We all know what religion is - or do we? Confronted with religious pluralism and cultural diversity, it manifests itself in many forms. What is Religion? serves not only as an introduction to the different belief systems flourishing throughout the modern world, but asks us to consider how the very boundaries of faith might be drawn now and in the future. How might religion interact with political ends, or permeate culture, society and everyday life? Is the post-secular world in thrall to 'religions' of its own kind - materialism, humanism, medicine, science? And what logic separates 'common-sense' or academic knowledge from the immutable but unstable boudaries of faith? Which is the more certain? What does it mean to believe? Combining clear accounts of contemporary global religious practice with an incisive philosophical interrogation of the dynamics and aims of belief, What is Religion? offers a fresh and wide-ranging introduction to the perennial human questions of ritual, faith, ethics and salvation.
Literature and Union opens up a new front in interdisciplinary literary studies. There has been a great deal of academic work—both in the Scottish context and more broadly—on the relationship between literature and nationhood, yet almost none on the relationship between literature and unions. This volume introduces the insights of the new British history into mainstream Scottish literary scholarship. The contributors, who are from all shades of the political spectrum, will interrogate from various angles the assumption of a binary opposition between organic Scottish values and those supposedly imposed by an overbearing imperial England. Viewing Scottish literature as a clash between Scot...
In Beyond Identity, thirteen of Scotland¿s best known poets reflect upon the theoretical, practical and political considerations involved in the act of writing. They furnish a unique guide to contemporary Scottish poetry, discussing a range of issues that include nationhood, education, language, religion, landscape, translation and identity. John Burnside, Robert Crawford, Douglas Dunn, Kathleen Jamie, Edwin Morgan, Kenneth White and others, together with such noted experimentalists as Frank Kuppner, Tom Leonard and Richard Price, explore questions about the relationship between social, economic and ecological realities and their poetic transformation. These interviews are set within the altered political context that followed from the re-establishment of a Scottish Parliament in 1999 and the potential of a renewed engagement with wider European culture. Attila Dósa is Senior Lecturer in the Department of English at the University of Miskolc, in northern Hungary.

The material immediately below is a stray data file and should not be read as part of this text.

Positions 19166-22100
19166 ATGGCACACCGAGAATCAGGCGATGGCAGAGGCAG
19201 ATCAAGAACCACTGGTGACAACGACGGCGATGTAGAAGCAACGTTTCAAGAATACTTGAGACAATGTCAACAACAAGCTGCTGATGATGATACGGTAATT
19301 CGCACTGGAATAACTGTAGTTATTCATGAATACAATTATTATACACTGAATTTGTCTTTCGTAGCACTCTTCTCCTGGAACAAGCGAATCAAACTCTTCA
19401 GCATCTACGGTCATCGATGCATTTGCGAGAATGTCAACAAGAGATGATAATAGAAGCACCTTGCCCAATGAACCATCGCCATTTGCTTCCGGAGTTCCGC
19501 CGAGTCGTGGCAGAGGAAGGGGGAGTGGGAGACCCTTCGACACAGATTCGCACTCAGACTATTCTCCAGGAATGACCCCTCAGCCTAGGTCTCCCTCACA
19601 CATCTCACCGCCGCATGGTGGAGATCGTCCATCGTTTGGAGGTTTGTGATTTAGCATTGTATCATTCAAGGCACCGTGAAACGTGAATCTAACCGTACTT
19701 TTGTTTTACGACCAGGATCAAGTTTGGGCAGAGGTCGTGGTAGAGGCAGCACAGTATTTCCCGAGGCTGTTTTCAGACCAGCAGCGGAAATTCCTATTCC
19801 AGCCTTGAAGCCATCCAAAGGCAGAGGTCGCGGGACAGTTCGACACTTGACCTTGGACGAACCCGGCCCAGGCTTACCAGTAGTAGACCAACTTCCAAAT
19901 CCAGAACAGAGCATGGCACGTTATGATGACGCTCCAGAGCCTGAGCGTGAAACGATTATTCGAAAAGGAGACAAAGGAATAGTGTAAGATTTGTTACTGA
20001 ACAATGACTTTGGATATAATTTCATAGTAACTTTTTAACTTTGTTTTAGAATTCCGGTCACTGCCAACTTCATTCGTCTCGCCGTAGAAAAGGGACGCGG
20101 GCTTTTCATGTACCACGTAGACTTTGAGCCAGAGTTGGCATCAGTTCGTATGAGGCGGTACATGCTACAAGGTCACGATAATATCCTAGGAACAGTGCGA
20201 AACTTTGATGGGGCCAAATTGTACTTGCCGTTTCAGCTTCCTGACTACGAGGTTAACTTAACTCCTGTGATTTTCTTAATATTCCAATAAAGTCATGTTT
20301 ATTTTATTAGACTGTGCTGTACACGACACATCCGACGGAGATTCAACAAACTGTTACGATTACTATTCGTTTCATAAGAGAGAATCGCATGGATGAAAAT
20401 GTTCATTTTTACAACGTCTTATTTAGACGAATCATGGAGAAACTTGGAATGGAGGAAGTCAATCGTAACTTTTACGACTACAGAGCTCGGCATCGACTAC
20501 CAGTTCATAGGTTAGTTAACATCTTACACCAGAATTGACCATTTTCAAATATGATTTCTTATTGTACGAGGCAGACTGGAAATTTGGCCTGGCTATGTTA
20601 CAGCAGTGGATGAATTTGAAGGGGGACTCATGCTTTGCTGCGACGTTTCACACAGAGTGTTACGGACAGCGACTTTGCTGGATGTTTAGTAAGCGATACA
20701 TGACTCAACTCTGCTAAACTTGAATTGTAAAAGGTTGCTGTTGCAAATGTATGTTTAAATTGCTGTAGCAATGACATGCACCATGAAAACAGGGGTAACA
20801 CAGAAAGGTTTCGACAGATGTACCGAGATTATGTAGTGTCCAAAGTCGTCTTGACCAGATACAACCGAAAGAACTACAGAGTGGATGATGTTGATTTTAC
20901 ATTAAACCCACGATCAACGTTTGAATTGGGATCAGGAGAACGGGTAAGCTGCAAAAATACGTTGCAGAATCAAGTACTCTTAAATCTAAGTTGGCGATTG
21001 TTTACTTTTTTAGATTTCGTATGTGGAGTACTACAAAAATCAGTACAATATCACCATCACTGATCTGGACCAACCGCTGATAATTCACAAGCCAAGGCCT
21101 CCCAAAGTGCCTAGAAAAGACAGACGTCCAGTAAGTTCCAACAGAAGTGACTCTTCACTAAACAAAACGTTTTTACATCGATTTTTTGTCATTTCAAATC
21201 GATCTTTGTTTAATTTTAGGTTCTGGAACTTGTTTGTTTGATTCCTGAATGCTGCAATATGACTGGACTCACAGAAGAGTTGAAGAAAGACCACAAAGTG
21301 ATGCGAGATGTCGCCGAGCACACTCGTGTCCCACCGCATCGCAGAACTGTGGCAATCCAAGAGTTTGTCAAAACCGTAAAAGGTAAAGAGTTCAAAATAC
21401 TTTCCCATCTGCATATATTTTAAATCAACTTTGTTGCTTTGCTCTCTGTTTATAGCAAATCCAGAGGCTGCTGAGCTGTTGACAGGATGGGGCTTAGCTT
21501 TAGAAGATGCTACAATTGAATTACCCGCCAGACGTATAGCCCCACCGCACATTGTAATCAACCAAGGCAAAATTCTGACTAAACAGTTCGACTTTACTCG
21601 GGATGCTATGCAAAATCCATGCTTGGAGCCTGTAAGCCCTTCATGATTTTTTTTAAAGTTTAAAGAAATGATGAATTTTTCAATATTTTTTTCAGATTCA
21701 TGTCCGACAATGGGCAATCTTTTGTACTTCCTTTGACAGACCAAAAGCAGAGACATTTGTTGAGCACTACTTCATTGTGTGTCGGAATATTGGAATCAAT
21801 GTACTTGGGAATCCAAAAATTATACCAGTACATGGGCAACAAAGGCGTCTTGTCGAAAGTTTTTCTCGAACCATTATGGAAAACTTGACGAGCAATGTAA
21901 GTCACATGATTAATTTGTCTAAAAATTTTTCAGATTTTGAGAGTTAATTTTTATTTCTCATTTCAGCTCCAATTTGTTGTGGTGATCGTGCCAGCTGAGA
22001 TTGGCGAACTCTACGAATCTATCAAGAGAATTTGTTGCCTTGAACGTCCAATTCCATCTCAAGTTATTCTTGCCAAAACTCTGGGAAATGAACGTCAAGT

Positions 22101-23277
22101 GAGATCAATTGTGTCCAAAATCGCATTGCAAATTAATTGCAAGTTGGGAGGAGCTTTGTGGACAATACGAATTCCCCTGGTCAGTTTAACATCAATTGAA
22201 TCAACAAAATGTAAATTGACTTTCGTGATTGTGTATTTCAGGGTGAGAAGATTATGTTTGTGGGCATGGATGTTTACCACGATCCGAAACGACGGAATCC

New essays on Burns' special place in Scottish, English and Irish literary cultureIn this volume, 17 leading Burns scholars, poetry critics and practising poets reflect on the enduring significance of one of the most important poets of the 18th century. They show that Burns was a highly innovative and technically accomplished poet, as capable of transforming earlier traditions as of launching new literary trends.Looks at Burns' place amongst his literary predecessors, contemporaries and heirs, including:* Scottish poets such as Ramsay, Fergusson, Byron, Hogg, MacDiarmid, Paterson, Dunn & Mackay Brown* English poets such as Milton, Addison, Gray & Wordsworth* Classical writers such as Virgil* Irish poets such as Merriman, Goldsmith, Dermody & HeaneyBy looking at Burns in the context of other poets, each chapter sheds new lighton his own practices and the practice of poetry in general. They investigate the political, national, philosophical and ethical aspects of his poetry, showing how you can deepen
This is the first substantial study of the immensely popular writer and dramatist, Liz Lochhead. It examines the full range of her poetry and drama and supplies a variety of contexts - biographical, feminist and theatrical among others - in which her work can be read, heard, viewed and relished. One of the few books devoted to the work of a Scottish woman writer, and one of an even smaller number dealing in detail with contemporary Scottish drama, Liz Lochhead's Voices raises significant questions both for women's studies and Scottish literature in general. It includes the only extensive bibliography of Lochhead's writings, and is written in an accessible style which will appeal both to the student and to the general reader.